Mr. and Mrs. Claude Wagoner of
Adel, Iowa, were here over the week end to attend their son Paul's voice recital last Friday evening.
Dean Luther Warren spoke at the P. T. A. at Moundridge, Monday evening on March 14. Dean Warren spoke on the subject of “Mental Health."
The Meloaires traveled to the Lyons High School on March 15. The quartet is composed of Bob Keim, Vernon Nicholson, Dale Eshelman, and Kenneth Graham. The quartet was accompanied by Mr. Ira N. H. Brammell.
Mrs. R. Gordon Yoder entertain-ed friends of Mrs. Lowell Heisey at a coffee on March 15. The coffee was given in honor of Mrs. Heisey.
R. E. Mohler was the guest speaker at the community Father and Son Banquet in Hesston, Kansas, on March 16.
Dr. W. W. Peters was the evening speaker at the Wichita Church of the Brethren on their annual McPherson College Sunday.
The McPherson College Mole Quartet, accompanied by Prof. Raymond Flory and family, traveled to Ottawa last weekend. They sang for the Northeast Kansas Young People’s Conference. Members are Albert Rogers. Frank Lutz. Don Guthals and Gilford Ik-enberry. Professor Flory delivered the sermon Sunday morning.
The co-ed folkgame class of Manchester College is very popular with the students. The history of Manchester's first co-ed folk-game class is very interesting. It all started as a response to the wave of folkgaming that has hit the country in the last year.
According to the February 7 Life Magazine, folkgaming and square dancing will soon surpass all other forms of dancing if it continues to grow at the present rate.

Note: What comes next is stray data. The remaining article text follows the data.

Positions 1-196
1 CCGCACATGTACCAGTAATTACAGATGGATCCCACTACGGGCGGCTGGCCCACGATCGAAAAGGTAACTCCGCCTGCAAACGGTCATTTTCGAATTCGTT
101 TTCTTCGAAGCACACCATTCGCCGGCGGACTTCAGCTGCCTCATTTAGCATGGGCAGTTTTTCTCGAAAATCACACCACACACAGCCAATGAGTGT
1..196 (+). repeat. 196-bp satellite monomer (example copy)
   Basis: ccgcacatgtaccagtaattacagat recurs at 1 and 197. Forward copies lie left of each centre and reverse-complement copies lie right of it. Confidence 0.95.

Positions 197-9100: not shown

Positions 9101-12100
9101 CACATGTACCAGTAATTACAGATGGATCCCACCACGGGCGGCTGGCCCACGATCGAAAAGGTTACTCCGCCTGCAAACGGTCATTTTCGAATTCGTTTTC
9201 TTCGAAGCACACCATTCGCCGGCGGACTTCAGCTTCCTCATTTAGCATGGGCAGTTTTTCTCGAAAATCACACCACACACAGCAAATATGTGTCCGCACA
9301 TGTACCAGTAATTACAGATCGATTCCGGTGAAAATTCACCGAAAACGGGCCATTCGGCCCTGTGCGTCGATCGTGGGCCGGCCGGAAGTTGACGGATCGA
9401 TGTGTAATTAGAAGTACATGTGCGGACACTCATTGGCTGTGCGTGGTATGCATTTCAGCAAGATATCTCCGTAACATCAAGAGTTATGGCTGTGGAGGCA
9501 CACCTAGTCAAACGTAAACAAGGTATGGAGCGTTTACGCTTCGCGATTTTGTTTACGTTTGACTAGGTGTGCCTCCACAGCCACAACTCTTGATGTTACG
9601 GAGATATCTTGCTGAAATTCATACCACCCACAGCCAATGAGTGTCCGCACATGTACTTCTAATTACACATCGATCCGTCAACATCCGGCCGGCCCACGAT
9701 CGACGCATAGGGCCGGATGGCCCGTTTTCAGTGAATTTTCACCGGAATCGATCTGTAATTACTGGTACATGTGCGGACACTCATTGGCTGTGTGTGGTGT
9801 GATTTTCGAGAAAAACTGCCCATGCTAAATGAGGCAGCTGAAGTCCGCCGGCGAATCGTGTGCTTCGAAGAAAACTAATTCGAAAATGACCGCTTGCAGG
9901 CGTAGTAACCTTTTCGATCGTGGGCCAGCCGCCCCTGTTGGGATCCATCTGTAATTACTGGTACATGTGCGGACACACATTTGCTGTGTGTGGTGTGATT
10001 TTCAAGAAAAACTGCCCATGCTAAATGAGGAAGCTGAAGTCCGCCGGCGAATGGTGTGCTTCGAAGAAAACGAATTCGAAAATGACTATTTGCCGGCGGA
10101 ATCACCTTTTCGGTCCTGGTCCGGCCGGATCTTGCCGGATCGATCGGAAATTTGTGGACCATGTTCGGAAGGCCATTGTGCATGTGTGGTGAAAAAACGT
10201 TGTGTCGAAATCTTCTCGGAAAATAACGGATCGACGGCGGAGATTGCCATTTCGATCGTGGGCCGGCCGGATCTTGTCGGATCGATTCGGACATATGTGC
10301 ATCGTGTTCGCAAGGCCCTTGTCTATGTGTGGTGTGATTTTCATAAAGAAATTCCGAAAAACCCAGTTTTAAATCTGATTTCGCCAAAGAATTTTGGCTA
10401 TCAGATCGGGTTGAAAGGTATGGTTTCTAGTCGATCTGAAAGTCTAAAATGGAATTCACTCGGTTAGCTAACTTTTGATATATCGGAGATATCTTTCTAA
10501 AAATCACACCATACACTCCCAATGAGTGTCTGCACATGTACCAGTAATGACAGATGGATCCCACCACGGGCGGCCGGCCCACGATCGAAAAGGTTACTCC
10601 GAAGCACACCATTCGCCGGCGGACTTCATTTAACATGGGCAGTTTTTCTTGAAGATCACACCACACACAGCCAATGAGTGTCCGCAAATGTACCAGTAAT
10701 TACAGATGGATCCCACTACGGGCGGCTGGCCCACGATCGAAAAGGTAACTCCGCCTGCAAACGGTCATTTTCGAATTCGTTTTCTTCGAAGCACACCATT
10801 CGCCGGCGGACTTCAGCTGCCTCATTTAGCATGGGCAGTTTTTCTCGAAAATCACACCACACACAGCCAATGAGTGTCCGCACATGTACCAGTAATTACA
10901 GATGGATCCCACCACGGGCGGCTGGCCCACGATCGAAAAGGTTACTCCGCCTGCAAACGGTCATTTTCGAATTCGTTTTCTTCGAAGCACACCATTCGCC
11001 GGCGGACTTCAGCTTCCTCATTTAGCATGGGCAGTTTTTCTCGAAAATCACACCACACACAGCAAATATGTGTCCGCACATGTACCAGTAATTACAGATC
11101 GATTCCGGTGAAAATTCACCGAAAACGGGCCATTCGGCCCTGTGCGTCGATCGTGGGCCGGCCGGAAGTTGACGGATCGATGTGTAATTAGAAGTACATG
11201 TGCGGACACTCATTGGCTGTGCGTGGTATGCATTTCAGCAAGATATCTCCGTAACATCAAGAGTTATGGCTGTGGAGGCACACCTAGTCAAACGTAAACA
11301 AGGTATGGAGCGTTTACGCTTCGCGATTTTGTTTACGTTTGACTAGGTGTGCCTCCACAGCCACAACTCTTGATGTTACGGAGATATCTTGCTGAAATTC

The popularity of folkgaming is growing because it requires skill and coordination, as well as more exertion than the common jitter-bugging.
This folkgame class had a party as its final examination.
"What are you doing with that hammer, Junior?"
"I'm fixing my teeth so I will be able to take them out like Grandpa does.”—Collegio.
Although liquor in Kansas is legal, the rule banning liquor at Kansas State college-sponsored functions will continue to be effective. according to K-State's president, Milton S. Eisenhower.
Remember: It's a fresh egg that gets slapped in the pan.—Wesleyan Advance.
spring is in the air or so we thought last week old man weather is not doing so very well with the sun this week he must be saving it up for good measure later.
well the deadline is creeping up on me pretty fast so I had beter blow—see you same time same station K R A Z Y next week
Well, here it is another week, with another deadline to meet, life sure gets tedious, don’t it? Here we thought spring was here to stay last week, and even went so far as to mention it in the latest happenings, but by the time the Spec came out we were back in the midst of winter. That’s Kansas weather for you. They say if you don't like the Kansas weather you can just wait fifteen minutes and it will change, except when it snows, and then experience tells us it just never quits.